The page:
mailing list archives
Re: Java RMI service finderprint?
From: Gabriel Lawrence <gabriel.lawrence () gmail com>
Date: Tue, 14 Jun 2011 08:22:02 -0700
So right. The standard RMI registry is going to be on 1099. And it sort of
makes sense there.
The interesting aspect, and one very useful, is that the JMX interfaces use
an arbitrary user assigned port for its listener. Turns out this listener is
just a special RMI Registry so connecting to it and dumping it using the
rmi-dumpregistry script turns out to be very useful. JMX can expose the
internal state of a service and allow for remote changes to that service.
Finding instances of this misconfigured listening to anything and willing to
talk unauthenticated or lamely authenticated is a valuable thing for someone
doing a security audit of a site.
I understand that the nmap team is looking at ways to scale scans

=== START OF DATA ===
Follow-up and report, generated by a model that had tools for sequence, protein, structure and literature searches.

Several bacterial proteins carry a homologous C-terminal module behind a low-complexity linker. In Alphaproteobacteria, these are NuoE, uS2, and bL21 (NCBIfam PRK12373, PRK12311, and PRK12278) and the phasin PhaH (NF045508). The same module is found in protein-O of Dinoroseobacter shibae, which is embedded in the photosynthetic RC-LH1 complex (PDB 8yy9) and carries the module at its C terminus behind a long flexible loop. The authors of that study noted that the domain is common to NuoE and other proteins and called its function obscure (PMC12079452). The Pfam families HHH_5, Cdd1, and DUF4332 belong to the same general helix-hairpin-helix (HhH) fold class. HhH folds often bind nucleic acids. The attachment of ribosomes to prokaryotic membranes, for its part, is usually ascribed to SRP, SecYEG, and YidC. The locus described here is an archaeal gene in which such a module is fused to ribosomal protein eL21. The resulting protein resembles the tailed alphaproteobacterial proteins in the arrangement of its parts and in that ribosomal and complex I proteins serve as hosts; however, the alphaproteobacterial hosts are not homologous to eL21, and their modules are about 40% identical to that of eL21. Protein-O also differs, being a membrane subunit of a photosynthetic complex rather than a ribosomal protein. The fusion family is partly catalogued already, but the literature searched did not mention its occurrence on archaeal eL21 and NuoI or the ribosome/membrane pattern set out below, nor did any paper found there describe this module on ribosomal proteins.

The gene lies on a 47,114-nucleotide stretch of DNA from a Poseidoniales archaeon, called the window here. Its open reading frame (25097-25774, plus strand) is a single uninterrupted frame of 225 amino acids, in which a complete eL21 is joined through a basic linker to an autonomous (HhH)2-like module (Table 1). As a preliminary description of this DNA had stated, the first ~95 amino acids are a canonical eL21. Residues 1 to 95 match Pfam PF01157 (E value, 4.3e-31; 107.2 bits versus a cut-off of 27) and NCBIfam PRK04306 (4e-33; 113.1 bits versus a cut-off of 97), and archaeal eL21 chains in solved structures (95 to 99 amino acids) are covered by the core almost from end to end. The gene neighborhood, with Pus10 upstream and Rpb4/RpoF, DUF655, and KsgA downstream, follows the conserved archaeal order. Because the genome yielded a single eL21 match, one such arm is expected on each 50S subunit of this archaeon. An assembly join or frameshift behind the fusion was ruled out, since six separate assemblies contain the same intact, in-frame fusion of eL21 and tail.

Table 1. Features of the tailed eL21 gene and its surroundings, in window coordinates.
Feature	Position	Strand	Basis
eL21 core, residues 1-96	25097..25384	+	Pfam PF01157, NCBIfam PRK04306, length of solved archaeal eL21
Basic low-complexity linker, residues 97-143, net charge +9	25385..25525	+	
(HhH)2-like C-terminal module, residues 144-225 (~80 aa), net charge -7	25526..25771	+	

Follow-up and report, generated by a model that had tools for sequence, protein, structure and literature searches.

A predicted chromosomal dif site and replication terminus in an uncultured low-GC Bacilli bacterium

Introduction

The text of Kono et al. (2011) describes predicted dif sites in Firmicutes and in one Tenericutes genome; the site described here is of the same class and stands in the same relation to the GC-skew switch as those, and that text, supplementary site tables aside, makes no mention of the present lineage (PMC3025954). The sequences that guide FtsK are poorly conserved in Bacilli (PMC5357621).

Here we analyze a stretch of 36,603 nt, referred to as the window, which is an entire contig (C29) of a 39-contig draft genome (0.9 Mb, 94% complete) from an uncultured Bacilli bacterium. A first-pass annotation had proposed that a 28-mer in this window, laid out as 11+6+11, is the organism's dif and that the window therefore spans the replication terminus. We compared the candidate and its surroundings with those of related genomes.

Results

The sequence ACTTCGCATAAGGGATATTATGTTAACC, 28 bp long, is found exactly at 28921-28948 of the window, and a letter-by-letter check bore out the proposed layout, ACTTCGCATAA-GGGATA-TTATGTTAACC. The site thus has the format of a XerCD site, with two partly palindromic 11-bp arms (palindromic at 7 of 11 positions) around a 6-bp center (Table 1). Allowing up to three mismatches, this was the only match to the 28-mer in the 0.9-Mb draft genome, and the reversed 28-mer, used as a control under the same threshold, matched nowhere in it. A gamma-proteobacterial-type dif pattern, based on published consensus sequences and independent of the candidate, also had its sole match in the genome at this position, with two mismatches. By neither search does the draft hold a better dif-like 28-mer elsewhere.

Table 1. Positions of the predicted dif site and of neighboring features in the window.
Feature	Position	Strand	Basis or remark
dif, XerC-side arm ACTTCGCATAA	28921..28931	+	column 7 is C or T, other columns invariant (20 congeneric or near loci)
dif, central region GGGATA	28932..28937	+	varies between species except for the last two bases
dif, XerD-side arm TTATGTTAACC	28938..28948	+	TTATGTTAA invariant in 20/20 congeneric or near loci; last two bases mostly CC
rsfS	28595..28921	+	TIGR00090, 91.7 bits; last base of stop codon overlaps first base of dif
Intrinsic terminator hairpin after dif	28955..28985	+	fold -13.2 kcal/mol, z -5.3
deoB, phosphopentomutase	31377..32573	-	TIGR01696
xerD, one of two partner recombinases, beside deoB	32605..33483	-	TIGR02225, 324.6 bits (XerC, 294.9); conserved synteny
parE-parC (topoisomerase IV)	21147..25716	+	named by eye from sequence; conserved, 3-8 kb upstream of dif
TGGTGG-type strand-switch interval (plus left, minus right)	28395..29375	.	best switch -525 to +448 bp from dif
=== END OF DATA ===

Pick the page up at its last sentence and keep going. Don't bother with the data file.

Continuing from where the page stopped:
massively... I also get with service fingerprinting that sending lots of
strange junk at certain ports has unwanted results (see printers), but I
also think that the expectation of a user using service fingerprinting is
that nmap is trying everything reasonable against a service. Maybe this is
an opportunity to add a flag to ignore ports and try all service
fingerprints against a listener that didn't fingerprint in the original
pass? I'm trying to think of ways to balance the expectation an auditor
focusing on one site has vs the need to be able to scan an
entire organization in a reasonable timeframe...
BTW, Martin great script! Thanks for putting it together!
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Re: Java RMI service finderprint? Patrik Karlsson (Jun 14)